This famous old postcard shows the demolition of the old Old Vicarage, in preparation for the building of the Parochial Hall. The vicar of St Nicholas’ Church, to which the hall belongs, seems to be taking an unusually hands-on approach to the proceedings and is pictured here half way up a ladder surrounded by workmen.
The Old Vicarage itself fronted onto the High Street and the Tithe Barn stood behind where the main Clarendon Hall chamber hall now stands. Joyce Powell recorded in Kenilworth History 2001 – 2002 how reverend William Best once lived in the vicarage: “The modest timber-framed building where he lived for so long and brought up his seven children survived until 1910, although by the end of the nineteenth century it had been degraded and referred to as ‘the vicar’s stabling’. The present Parochial Hall covers both its site, and, sadly, that of the great Tithe Barn”.
Another account of the demolition can be found in KHAS Newsletter 31 from January 1969 based on a talk given to the Society by Mr R. Fancott, of the nearby Fancott’s Bakery: “Amongst the interesting things he recalled was the opening of the Parochial Rooms in the High Street. This building stood in the ground now occupied by the present Parochial Hall and it was originally the old tithe barn. It was bought from Lord Clarendon and converted into a much-needed Church Hall”.
The foundation stone of the new Parochial hall was laid in 1910 by Edward Hyde Villiers, Earl of Clarendon and the hall opened in 1911. The hall is available to rent and its uses over the years have been many and varied.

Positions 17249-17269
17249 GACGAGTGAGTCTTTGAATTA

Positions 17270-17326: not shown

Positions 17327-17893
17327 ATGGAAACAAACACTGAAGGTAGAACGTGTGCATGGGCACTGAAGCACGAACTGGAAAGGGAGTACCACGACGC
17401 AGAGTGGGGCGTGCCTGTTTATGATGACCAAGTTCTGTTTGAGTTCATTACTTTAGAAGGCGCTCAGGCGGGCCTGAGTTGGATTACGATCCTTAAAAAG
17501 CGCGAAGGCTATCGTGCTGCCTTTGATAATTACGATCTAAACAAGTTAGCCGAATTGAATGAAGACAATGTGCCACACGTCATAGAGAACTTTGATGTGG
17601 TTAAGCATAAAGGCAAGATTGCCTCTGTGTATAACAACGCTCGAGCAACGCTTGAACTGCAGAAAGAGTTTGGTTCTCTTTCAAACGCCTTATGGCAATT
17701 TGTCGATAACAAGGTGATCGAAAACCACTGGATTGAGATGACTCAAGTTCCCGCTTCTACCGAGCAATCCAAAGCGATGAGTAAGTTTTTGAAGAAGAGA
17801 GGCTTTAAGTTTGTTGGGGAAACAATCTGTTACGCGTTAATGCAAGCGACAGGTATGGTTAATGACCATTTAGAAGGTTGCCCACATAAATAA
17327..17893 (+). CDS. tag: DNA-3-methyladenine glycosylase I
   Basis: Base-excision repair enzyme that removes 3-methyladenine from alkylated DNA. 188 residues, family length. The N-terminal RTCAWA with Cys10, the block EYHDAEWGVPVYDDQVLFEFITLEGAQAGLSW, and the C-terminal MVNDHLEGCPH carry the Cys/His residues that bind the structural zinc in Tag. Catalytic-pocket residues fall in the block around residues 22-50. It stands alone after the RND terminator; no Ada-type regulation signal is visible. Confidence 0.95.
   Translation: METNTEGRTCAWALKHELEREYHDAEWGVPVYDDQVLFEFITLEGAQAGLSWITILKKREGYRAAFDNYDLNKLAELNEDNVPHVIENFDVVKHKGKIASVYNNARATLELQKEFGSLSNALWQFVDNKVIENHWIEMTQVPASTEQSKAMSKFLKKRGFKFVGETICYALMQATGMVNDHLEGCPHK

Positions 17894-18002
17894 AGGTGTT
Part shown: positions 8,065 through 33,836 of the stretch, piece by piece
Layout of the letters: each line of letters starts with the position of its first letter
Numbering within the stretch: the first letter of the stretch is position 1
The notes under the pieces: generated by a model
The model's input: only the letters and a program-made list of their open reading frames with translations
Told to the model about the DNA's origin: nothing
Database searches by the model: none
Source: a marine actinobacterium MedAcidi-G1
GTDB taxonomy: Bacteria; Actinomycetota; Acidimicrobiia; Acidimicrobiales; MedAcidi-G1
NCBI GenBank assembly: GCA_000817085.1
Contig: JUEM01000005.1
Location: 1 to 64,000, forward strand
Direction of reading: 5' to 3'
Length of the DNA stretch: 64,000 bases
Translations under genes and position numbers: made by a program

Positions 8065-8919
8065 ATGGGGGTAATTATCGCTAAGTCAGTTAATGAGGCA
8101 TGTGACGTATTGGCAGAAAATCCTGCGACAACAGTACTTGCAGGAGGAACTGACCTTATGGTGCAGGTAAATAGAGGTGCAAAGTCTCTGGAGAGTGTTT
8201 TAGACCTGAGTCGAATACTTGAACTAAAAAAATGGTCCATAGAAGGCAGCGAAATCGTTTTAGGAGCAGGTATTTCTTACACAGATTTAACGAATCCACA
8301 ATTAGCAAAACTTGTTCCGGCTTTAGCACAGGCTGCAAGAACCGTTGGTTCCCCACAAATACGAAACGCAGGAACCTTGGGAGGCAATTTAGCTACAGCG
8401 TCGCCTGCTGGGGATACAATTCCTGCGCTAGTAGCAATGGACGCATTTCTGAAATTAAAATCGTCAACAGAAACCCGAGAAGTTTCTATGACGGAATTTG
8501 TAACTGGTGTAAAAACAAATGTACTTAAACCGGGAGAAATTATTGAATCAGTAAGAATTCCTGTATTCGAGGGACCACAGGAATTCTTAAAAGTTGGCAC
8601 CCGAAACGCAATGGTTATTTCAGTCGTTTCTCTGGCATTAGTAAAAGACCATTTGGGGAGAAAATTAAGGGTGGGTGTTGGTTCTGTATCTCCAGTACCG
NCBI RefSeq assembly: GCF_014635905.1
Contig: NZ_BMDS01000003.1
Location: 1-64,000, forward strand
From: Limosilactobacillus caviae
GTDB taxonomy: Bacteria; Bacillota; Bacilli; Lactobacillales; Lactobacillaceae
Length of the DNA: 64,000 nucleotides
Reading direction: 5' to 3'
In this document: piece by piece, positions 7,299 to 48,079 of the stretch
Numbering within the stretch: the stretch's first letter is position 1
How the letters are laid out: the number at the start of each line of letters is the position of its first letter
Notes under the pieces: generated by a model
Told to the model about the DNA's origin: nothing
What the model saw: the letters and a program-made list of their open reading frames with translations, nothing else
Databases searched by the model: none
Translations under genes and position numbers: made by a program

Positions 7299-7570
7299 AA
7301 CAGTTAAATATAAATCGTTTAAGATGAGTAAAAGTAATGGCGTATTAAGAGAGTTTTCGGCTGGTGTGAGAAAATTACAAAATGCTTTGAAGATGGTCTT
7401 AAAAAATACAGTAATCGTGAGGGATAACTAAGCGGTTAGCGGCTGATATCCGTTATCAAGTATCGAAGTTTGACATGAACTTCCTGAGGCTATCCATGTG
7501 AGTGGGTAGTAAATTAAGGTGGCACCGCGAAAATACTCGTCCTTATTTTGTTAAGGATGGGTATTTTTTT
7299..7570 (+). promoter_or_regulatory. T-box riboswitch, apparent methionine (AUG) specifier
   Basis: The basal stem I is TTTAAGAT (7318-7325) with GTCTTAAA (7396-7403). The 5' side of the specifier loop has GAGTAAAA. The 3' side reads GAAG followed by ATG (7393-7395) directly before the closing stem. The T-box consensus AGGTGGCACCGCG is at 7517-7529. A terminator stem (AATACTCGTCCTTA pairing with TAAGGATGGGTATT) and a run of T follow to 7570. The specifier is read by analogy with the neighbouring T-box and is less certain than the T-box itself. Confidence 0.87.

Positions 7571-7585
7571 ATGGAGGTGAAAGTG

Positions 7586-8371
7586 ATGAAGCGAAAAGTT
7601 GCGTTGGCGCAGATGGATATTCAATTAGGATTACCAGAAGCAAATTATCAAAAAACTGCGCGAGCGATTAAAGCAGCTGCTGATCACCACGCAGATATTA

Reg Palmer recorded in Kenilworth History 1995 – 1996 that “The Scouts who were meeting in about 1910 probably met in a small hut or hall behind the present Parochial Hall or Meeting Room before the Parochial Hall was constructed. (The foundation stone of the present Parochial Hall was laid in 1911.) If this hut in which the Scouts held their meetings at that time is the one I remember from my early days in the Movement, then it has had a remarkably long existence as it is still to be seen, although it is only used as a store-room for furniture these days!”.
KHAS Newsletter 26 from October 1967 records a talk from a Mrs I Phillips, Commandant, Warwick 6th Detachment British Red Cross Society, to the effect that “From 1915 to 1919 the “Red Cross” ran a hospital in the Parochial Hall to care for war wounded”. Nick Green and Derek Pickering recorded in Kenilworth History 2012 how the hall hosted the AGM of the Kenilworth Swimming Club in 1924. Harry Sunley recorded in Kenilworth History 1991 how ‘The Friends of Kenilworth Abbey and its Surroundings’ held its AGM in the Parochial Hall in 1932.
Geoffrey Whiteman recalled in Kenilworth History 2001 – 2002 that “In the mid 1950s, a shortage of accommodation at St. Nicholas’ C of E Infants and Junior School, then located in School Lane, meant that two infant classes had to spend a year in classrooms at the Parochial Hall. Our homeward journeys tended to be fairly leisurely affairs and gave us daily opportunities to explore the Abbey Fields and St. Nicholas’ churchyard”. Robin Leach recorded in Kenilworth History 2013 how a public meeting was convened in the hall in 1913 to discus the response to a fatal typhoid outbreak.
The Parochial Hall underwent a five year restoration costing £520,000 before it reopened in April 2011.